Prestressed concrete viaduct structures are used for the construction of many highways and railways. The objective of this study was to clarify the inelastic response behavior of partially prestressed concrete viaduct structures during severe earthquake excitations. A study that includes experimental and analytical phases was carried out. Small-scaled models were employed so as to represent actual viaduct structures. Specimens representing the PC girders of the viaduct structures were tested experimentally. The first technique was statically reversed cyclic loading test to study the inelastic response behavior of the PC girders and to obtain the hysteretic-load deformational characteristics. The sub-structured pseudo-dynamic testing technique was implemented as the second testing technique. During the sub-structured pseudo-dynamic test, the PC girder was tested experimentally, and the RC columns of the viaduct structure were simulated analytically. An amplified excitation of the 1995 Hyogo Ken Nanbu earthquake was used. Response analyses for the viaduct model were carried out. A comparison between the experimental results and results obtained from response analyses was made. An agreement between the experimental and analytical results was found. The study revealed that not only the RC columns but also the PC girders may undergo extensive damage during severe earthquake excitations.
Part of the book: Natural Hazards
Self-consolidating concrete (SCC) has been successfully employed to reduce construction time and enhance the quality, performance, and esthetic appearance of concrete structures. This research aimed at developing environmentally friendly fiber-reinforced concrete (FRC) consisting of SCC and recycled polypropylene (PP) fibers for sustainable construction of city buildings and transportation infrastructure. The addition of the PP fibers to SCC helps reducing shrinkage cracks and providing enhanced mechanical properties, durability, and ductility of the concrete materials. Several mix designs of self-consolidating fiber-reinforced concrete (SCFRC) were experimentally examined. Material and esthetic properties of the SCFRC mixtures that include micro silica, fly ash, and PP fibers were evaluated. Trial-and-adjustment method was employed to obtain practically optimum SCFRC mixtures, mixtures that are affordable and easy to make possessing enhanced compressive strength and esthetic properties. Slump flow and air content testing methods were used to determine the fresh properties of the SCFRC mixtures, and the esthetic properties of the mixtures were also evaluated. The hardened properties of the SCFRC mixtures were examined using three- and seven-day compression tests. The amount of fine/coarse aggregate, water, and other admixtures were varied while the Portland cement content in all mixtures was maintained unchanged. The maximum three-day compressive strength was 43.17 MPa and the largest slump flow was 736.6 mm. Test results showed enhanced material properties such as slump flow, air content and compressive strength values of the SCFRC mixtures and their excellent esthetic appearance. The favorable seven-day compressive strength of the SCFRC mixture, with 4.8 percent air content and 660.4 mm slump flow, is 39.26 MPa. The mixtures’ in this study are proven to be advantageous for potential SCFRC applications in architectural structures including building façades and esthetically-pleasing bridges.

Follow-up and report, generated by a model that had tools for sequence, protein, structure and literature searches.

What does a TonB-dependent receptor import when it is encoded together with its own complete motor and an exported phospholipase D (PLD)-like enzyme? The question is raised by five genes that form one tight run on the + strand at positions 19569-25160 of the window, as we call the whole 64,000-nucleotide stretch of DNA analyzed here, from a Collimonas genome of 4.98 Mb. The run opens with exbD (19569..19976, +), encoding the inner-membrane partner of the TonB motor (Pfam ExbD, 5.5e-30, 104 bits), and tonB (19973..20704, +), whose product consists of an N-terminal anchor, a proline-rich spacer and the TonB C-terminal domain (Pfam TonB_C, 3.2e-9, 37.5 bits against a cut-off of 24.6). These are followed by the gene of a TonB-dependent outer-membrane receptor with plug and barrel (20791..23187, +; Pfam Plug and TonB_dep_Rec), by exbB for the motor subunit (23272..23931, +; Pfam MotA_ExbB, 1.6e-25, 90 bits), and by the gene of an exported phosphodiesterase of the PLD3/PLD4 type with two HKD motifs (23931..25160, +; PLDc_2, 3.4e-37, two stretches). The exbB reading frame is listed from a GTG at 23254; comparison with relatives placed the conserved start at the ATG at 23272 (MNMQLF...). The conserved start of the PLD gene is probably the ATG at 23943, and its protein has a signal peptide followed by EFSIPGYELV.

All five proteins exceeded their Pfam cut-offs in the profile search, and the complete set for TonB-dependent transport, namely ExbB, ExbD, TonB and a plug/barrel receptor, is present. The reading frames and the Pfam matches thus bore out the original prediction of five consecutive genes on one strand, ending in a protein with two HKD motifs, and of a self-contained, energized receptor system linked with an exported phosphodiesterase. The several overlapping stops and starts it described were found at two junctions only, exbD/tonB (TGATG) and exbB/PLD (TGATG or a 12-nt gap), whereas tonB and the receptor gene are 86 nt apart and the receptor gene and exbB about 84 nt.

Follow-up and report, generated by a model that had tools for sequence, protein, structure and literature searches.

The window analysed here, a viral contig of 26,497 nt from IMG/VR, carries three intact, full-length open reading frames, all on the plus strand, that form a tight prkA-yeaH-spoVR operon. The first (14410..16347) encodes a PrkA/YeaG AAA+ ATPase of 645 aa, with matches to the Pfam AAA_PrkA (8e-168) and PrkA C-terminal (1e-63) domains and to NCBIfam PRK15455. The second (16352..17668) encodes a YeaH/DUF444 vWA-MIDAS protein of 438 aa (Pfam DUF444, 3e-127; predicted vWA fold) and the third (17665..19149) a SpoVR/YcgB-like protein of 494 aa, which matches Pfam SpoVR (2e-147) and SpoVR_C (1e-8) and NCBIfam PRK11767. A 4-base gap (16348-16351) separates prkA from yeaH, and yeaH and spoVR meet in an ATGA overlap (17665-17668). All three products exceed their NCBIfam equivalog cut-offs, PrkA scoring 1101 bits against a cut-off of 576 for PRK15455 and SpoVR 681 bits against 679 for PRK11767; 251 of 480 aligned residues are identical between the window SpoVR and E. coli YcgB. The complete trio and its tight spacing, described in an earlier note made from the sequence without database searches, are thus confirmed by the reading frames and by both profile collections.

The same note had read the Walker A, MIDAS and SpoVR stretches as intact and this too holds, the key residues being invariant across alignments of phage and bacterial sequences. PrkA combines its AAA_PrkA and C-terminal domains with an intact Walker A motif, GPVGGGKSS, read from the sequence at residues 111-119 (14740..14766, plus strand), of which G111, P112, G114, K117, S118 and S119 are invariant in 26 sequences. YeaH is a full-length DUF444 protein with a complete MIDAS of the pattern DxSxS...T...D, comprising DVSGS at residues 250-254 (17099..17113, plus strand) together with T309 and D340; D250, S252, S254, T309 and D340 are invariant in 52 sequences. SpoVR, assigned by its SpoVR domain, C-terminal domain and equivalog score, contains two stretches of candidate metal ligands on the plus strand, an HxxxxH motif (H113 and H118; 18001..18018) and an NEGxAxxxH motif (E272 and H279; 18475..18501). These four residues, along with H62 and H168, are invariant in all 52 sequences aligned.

Part of the book: Design of Cities and Buildings
Federal and state transportation agencies across the world face a multitude of challenges to effectively maintain cost-effective core maintenance programs for managing a safe, yet sustainable transportation assets’ program. The decision-making process involves several risk factors, and the prioritization of these factors could considerably affect both the level of utilization of these assets, as well as short- and long-term management protocols and plans for these agencies. The Moving Ahead for Progress in the 21st Century Act requires each state Department of Transportation in the United States to have a risk-based asset management plan in place to preserve the condition of their assets and improve the performance of the National Highway System. Many transportation agencies lack the financial and human resources to achieve their targets, and therefore they may opt to make trade-offs, lower targets, and perhaps drop some important objectives. Trade-off decisions can become clearer when objectives and targets are viewed through the lens of which options reduce the top-priority risks, such as reduced risk to safety, asset performance, or future costs. This chapter primarily focuses on emphasizing the importance of risk management in transportation networks and demonstrating the relationship between environmentally influenced risk management and sustainable management of state-controlled transportation assets in the United States. Several key parameters including risk assessment, financial risk and organizational behavior are addressed. Successful examples demonstrating how transportation agencies have identified how to best address a given risk, and in turn impact the resource allocation process are provided.
Part of the book: Risk Management